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{UAH} Hope for the future: Uganda is going to change, and the future was in Salem Friday night

Hope for the future: Uganda is going to change, and the future was in Salem Friday night
  • Donald Dodd
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Uganda is generally considered one of the most corrupt countries in the world. About 38 percent of the population lives on an average of $1.25 a day, and in the 1970's, dictator Idi Amin was known around the world for mass killings that took the lives of as many as half a million Ugandans.

Corruption, murder and civil rights violations still plague the land-locked East African country that is home to 39 million people.

Among those 39 million people are Majo, Annet and Jascinta, three young girls who are part of the African Children's Choir that performed Friday night at First Baptist Church. To borrow an old cliché, they are the next generation of Ugandan faces that offer promise of a different way of life in their strife-torn country.

Some of the former members of the group – in their 20's – sang and spoke at the performance Friday. They told stories of overcoming, and how much the world can do to help their country and its people become a vastly different, better place.

We played host to Majo, Annet and Jascinta – and one of the chaperones, Janelle, from Austin, Texas – Thursday and Friday nights. The trio came from half a world away, and their infectious smiles, impeccable manners and constant hugs give me much hope that Uganda of tomorrow can be a lot different than Uganda of the past and present.

Majo, 10, was the oldest and the boldest. She liked the leftover Fourth of July fireworks – including her first sparkler – and pulled pork. She wants to be a teacher.

Annet was the shy one – at least at first – and was definitely cautious about the loud and bright fireworks. She wants to be a teacher.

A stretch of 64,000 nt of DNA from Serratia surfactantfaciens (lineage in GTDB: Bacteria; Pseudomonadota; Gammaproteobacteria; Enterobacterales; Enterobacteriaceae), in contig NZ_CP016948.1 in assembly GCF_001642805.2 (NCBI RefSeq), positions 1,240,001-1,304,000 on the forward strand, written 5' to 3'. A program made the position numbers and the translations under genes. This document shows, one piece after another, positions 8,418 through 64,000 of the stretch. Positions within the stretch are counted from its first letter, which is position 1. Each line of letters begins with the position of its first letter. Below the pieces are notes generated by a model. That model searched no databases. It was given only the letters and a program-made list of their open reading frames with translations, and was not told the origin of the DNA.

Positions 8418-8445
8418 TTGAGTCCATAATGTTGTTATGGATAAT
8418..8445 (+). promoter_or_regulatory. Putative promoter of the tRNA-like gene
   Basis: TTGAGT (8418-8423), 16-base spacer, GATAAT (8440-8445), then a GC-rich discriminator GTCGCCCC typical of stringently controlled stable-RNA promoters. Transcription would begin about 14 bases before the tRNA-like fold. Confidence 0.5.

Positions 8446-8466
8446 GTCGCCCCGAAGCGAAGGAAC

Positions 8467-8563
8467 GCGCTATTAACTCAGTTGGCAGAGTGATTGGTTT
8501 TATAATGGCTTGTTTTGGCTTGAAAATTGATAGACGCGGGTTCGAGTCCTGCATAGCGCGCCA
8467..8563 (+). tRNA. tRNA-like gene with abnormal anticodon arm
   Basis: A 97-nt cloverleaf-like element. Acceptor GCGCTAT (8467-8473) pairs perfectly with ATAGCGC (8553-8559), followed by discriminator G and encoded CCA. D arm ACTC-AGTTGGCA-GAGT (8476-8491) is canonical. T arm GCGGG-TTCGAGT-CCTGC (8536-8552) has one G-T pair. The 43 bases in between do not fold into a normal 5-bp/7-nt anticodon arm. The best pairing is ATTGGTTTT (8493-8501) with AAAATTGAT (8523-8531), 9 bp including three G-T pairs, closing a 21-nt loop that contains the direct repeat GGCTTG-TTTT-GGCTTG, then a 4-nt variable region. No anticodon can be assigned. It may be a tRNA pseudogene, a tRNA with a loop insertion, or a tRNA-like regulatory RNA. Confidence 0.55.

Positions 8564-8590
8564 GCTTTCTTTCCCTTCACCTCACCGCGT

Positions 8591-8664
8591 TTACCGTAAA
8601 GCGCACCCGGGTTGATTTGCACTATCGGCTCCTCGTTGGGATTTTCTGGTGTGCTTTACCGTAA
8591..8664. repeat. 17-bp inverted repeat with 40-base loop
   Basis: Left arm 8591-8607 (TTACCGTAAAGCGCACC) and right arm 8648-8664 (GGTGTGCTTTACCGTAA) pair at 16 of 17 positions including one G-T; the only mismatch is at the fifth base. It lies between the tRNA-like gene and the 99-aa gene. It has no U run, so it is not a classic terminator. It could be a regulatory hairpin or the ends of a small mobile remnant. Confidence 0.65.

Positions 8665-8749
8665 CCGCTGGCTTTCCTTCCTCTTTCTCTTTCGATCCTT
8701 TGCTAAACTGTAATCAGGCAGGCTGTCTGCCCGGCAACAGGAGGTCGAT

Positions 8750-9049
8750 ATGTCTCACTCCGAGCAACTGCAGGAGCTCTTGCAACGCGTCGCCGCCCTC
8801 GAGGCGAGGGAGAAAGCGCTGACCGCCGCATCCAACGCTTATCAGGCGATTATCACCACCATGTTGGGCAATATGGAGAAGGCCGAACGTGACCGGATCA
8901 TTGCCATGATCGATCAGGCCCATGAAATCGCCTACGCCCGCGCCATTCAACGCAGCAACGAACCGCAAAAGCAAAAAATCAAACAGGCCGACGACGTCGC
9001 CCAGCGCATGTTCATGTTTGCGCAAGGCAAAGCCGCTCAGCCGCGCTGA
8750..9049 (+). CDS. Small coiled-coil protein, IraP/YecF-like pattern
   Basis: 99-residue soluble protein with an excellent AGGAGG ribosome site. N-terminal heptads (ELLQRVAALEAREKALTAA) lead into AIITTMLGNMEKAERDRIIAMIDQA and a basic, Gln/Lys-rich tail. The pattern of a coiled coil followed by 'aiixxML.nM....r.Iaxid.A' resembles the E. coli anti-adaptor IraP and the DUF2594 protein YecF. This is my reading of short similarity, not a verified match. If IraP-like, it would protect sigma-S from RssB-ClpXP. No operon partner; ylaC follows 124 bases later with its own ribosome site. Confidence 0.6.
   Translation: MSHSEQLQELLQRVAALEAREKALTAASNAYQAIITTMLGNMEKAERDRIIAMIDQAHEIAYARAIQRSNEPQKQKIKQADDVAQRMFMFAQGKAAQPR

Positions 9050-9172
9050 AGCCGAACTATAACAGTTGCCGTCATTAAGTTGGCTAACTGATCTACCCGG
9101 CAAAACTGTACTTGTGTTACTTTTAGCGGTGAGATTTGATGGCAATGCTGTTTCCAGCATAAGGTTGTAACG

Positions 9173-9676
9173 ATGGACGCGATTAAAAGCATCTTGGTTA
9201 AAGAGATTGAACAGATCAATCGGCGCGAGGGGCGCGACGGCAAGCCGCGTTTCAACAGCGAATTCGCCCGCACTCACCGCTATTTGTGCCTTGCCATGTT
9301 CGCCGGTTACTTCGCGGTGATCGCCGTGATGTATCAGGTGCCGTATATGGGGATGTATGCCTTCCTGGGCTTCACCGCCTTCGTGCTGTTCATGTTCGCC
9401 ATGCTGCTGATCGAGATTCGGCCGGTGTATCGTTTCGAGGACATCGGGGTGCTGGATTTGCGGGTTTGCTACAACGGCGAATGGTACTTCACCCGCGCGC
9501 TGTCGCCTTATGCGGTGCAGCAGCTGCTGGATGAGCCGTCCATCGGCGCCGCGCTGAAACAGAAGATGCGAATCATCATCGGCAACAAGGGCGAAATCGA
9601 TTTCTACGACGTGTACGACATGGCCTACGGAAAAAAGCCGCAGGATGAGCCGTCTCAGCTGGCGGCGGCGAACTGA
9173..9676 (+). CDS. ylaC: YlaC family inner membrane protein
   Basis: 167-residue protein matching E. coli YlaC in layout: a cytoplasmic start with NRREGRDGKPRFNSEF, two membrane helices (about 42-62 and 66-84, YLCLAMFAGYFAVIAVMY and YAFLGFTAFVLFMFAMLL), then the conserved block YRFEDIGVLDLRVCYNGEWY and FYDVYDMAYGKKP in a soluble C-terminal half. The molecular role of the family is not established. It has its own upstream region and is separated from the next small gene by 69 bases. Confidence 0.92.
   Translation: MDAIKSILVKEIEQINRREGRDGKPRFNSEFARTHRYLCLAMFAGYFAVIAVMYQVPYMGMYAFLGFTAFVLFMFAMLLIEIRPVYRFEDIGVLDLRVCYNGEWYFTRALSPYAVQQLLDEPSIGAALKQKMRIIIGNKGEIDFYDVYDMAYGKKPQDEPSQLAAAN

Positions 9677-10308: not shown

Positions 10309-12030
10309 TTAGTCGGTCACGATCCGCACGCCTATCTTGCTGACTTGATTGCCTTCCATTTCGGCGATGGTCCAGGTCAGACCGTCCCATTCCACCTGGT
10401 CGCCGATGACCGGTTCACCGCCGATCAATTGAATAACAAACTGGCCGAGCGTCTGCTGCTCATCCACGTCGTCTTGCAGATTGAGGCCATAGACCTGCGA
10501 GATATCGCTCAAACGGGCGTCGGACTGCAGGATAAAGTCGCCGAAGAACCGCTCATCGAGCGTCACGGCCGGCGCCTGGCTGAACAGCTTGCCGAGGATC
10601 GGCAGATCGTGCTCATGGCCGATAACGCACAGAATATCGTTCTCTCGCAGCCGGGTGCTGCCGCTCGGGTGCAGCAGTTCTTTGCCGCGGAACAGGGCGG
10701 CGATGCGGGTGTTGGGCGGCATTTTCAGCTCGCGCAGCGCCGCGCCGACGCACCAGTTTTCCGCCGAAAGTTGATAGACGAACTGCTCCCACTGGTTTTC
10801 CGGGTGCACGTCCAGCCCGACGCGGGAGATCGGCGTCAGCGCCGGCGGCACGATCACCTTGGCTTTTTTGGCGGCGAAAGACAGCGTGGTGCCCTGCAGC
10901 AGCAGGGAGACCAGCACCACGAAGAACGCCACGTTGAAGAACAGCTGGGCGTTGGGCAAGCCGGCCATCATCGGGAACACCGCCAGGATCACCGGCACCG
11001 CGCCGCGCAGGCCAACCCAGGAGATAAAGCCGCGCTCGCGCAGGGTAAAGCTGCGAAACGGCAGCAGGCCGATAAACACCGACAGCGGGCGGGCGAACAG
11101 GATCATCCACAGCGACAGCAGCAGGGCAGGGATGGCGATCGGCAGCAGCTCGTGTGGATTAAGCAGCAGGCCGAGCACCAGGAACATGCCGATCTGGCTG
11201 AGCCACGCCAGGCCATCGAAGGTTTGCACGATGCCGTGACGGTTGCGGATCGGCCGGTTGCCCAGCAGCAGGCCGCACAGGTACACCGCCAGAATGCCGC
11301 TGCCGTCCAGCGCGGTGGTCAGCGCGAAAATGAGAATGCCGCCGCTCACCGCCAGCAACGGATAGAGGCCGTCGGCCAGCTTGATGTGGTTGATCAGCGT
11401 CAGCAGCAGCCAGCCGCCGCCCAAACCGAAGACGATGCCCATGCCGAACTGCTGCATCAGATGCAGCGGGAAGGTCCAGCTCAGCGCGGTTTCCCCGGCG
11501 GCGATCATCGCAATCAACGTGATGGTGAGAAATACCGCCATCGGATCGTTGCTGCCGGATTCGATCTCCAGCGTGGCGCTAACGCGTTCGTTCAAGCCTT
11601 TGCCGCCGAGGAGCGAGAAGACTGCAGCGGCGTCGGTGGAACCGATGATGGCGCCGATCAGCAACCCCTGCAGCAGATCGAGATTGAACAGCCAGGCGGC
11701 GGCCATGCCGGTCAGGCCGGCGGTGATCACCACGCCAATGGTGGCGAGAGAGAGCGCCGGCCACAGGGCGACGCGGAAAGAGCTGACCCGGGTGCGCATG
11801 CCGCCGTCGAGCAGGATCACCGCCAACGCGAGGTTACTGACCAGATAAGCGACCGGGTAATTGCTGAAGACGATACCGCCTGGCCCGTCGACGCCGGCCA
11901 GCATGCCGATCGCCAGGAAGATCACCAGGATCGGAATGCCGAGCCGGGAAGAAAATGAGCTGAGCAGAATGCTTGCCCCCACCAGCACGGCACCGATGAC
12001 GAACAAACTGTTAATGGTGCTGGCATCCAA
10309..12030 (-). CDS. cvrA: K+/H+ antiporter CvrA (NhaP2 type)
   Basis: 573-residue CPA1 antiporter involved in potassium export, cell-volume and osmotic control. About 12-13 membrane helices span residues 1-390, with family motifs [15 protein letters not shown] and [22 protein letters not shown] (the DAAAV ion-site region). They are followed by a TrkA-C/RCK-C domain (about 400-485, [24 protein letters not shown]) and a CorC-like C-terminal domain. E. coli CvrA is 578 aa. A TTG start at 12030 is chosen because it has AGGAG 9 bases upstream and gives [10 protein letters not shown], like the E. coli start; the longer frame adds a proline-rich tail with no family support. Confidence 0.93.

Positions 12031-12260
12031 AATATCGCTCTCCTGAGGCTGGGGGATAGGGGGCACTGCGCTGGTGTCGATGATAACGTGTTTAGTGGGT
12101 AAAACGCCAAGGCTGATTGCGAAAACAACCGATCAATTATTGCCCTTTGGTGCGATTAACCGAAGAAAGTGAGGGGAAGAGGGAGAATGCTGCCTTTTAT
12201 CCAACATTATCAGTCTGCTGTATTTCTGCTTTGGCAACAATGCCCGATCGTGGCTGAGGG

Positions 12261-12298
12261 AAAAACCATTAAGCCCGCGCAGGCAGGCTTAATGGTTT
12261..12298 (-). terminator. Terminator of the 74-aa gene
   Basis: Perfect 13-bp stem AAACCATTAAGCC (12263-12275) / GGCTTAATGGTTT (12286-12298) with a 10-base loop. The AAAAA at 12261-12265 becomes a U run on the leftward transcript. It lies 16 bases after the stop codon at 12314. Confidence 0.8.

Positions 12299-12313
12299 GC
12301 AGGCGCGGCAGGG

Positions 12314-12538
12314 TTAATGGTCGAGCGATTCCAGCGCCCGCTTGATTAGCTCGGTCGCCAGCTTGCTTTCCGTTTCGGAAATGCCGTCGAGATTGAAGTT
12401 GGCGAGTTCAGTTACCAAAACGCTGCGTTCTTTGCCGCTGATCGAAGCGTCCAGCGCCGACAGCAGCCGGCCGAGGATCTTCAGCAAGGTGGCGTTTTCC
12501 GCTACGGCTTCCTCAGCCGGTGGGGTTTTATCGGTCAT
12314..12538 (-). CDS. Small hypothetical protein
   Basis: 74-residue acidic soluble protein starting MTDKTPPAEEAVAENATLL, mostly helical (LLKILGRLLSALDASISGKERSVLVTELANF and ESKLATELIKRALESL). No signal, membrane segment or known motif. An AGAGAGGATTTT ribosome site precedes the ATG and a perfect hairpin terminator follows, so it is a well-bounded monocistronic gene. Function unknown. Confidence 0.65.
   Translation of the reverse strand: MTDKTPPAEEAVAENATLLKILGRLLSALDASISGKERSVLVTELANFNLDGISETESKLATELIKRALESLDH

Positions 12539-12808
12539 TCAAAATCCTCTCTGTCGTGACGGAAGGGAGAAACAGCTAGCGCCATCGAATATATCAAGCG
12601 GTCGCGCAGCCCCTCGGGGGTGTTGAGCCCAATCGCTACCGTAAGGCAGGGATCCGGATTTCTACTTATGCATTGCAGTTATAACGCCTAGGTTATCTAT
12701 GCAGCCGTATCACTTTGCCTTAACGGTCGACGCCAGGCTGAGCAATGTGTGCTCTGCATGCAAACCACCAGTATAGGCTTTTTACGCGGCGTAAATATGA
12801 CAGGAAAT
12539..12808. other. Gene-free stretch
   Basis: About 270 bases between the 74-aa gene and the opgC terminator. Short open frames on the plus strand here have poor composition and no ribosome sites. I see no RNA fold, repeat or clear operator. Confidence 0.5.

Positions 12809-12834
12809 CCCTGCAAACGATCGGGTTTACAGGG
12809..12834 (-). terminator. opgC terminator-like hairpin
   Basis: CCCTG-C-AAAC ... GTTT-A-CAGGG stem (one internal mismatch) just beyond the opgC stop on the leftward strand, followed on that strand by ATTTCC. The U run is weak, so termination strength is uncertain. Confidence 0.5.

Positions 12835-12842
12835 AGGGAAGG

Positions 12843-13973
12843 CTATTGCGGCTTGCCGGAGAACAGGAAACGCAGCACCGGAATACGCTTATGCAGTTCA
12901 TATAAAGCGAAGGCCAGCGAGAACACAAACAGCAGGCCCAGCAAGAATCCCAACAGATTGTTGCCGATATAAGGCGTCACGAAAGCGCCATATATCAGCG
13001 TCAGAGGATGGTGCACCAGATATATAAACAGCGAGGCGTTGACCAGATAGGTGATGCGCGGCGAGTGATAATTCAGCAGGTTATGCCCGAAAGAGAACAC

Jascinta has the ever-present smile. She had her eye on the hot tub and homemade ice cream from the start, and despite temperatures still in the 80's after Friday's concert, all three girls donned their swimsuits and took a dip. Jascinta wants to be a doctor.

Our visit came to an end much too quickly for my family, the girls and me. Majo, Annet, Jascinta and Janelle boarded the bus around 10 a.m. Saturday after I made them all Mickey Mouse pancakes at the house, and off they went to Joplin, Shell Knob, Harrisonville, Kansas City, Wichita, then Nebraska, South Dakota, Minnesota, North Dakota, Canada. . . they will be on the road through most of the rest of the year.

Eighty-four percent of Ugandans are Christian, and it was such a gratifying and, at times, emotional time to hear the girls' prayers of thanksgiving despite what most of us would consider a short list of blessings. It made me realize you don't have to own an iPad or have a pocket full of money to be thankful. Or happy.

I am sure that if the rules had allowed it, the girls could have told us sad stories from their homeland. But that's not what the girls or the African Children's Choir is all about. It's about the present and seizing it. It's about the future and changing it. It's about Majo, Annet and Jascinta, with smiles on their faces, hugs by the dozen and people willing to give them and Uganda a hand up.

Gwokto La'Kitgum
"Even a small dog can piss on a tall building" Jim Hightower

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